The Cemeteries


The First World War inaugurated a process of mass death never before experienced. The dead soldiers piling up on the battlefields, in no man’s land, were initially buried in civilian cemeteries close to the front, but these rapidly ran out of space and aroused the necessary reaction from the leading forces involved in the war. Rapid steps were taken to regulate and create military cemeteries in order to avoid the conspicuous presence of death, not only because of its effects on the troops’ morale and on deteriorating sanitary conditions at the front, but above all to avoid the return home of that visible mass of bodies.  

The creation of these specifically military burial grounds cannot be separated from the particularity of this conflict or from the secularisation processes of the cemeteries, absorbing structure and symbolism. The generalised 19th century campaign of cemetery secularisation, in which Portugal is no exception – it was officialised in April 1911 under the First Republic – is marked by the strong appropriation of the Christian liturgy of death and resurrection, present in the formats of cult and rite, ranging from the minute’s silence to the placing of flowers, the concern with the individualisation of the dead person, either through identification, or the architectural  or sculptural specification of the tomb (Catroga, 1999, p. 267). The context of the secularisation of death is thus conducive to arguments concerning the regulation of military cemeteries, the transposition of Christian symbolism; individualisation with the end of mass graves, the appropriation of nature and above all the centrality of the cult of the dead.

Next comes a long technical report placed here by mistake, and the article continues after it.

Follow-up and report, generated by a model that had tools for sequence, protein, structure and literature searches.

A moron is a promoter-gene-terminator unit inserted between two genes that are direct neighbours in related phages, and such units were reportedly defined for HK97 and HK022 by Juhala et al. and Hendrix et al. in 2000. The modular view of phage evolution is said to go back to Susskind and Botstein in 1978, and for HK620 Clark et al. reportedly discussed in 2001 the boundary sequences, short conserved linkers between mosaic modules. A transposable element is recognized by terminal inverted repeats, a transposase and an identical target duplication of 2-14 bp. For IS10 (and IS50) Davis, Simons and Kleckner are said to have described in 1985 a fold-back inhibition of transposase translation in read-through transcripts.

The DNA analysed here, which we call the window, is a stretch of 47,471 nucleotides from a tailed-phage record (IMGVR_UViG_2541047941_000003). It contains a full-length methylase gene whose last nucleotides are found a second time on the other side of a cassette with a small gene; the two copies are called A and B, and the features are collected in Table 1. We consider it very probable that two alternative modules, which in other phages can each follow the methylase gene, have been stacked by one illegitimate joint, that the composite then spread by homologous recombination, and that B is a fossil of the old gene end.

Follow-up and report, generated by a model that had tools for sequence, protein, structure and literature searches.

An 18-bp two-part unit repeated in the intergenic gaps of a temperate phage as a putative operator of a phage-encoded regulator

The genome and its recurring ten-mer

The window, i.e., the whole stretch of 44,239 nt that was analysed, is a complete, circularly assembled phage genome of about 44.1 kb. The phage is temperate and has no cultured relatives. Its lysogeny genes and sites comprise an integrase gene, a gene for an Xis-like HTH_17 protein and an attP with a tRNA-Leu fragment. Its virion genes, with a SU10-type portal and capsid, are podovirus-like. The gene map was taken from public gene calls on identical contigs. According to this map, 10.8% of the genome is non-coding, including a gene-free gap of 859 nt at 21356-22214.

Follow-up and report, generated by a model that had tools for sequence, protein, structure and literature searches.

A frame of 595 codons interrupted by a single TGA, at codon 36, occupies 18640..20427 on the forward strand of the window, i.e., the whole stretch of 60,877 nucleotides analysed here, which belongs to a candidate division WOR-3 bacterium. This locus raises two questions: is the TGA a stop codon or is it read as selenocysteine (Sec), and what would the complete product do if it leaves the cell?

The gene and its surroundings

Although the United States already had military cemeteries, this phenomenon in Europe is inevitably linked to the Great War. For the first time legislation was created for the treatment of dead soldiers – the design and projection of military cemeteries. France was the first country to do so, in December 1915, when it sanctioned the right of each individual to a single place of repose, overcoming previous solutions when soldiers were placed in mass graves.  The culturally diversified projects of the Allied nations for their military burial ground included the above-mentioned elements of the Romantic cemetery. An idyllic and metaphorical attempt to revalorise death with a religious, political and ideological meaning, attempting to overcome the basic biological aspect of mass deaths on the battlefield. 

In Portugal, the first legislation for the treatment of the Portuguese dead on the European front emerged in 1917. The idea was to regulate this situation by structuring a service, in the future called the Portuguese War Graves Commission (CPSG), responsible for identifying, gathering and burying the bodies. Given its limited resources the CPSG had to make added efforts to gather the bodies scattered throughout Flanders into exclusively Portuguese military cemeteries, created for this purpose with the deserving and requisite monumentality. The fact is that during the conflict the commission’s efforts confronted the sanitary and spatial limitations imposed by the French authorities, so that the bodies remained scattered throughout various cemeteries (88 cemeteries in Germany, 23 in Belgium; 2 in Spain; 141 in France; 1 in Holland and 3 cemeteries in England)*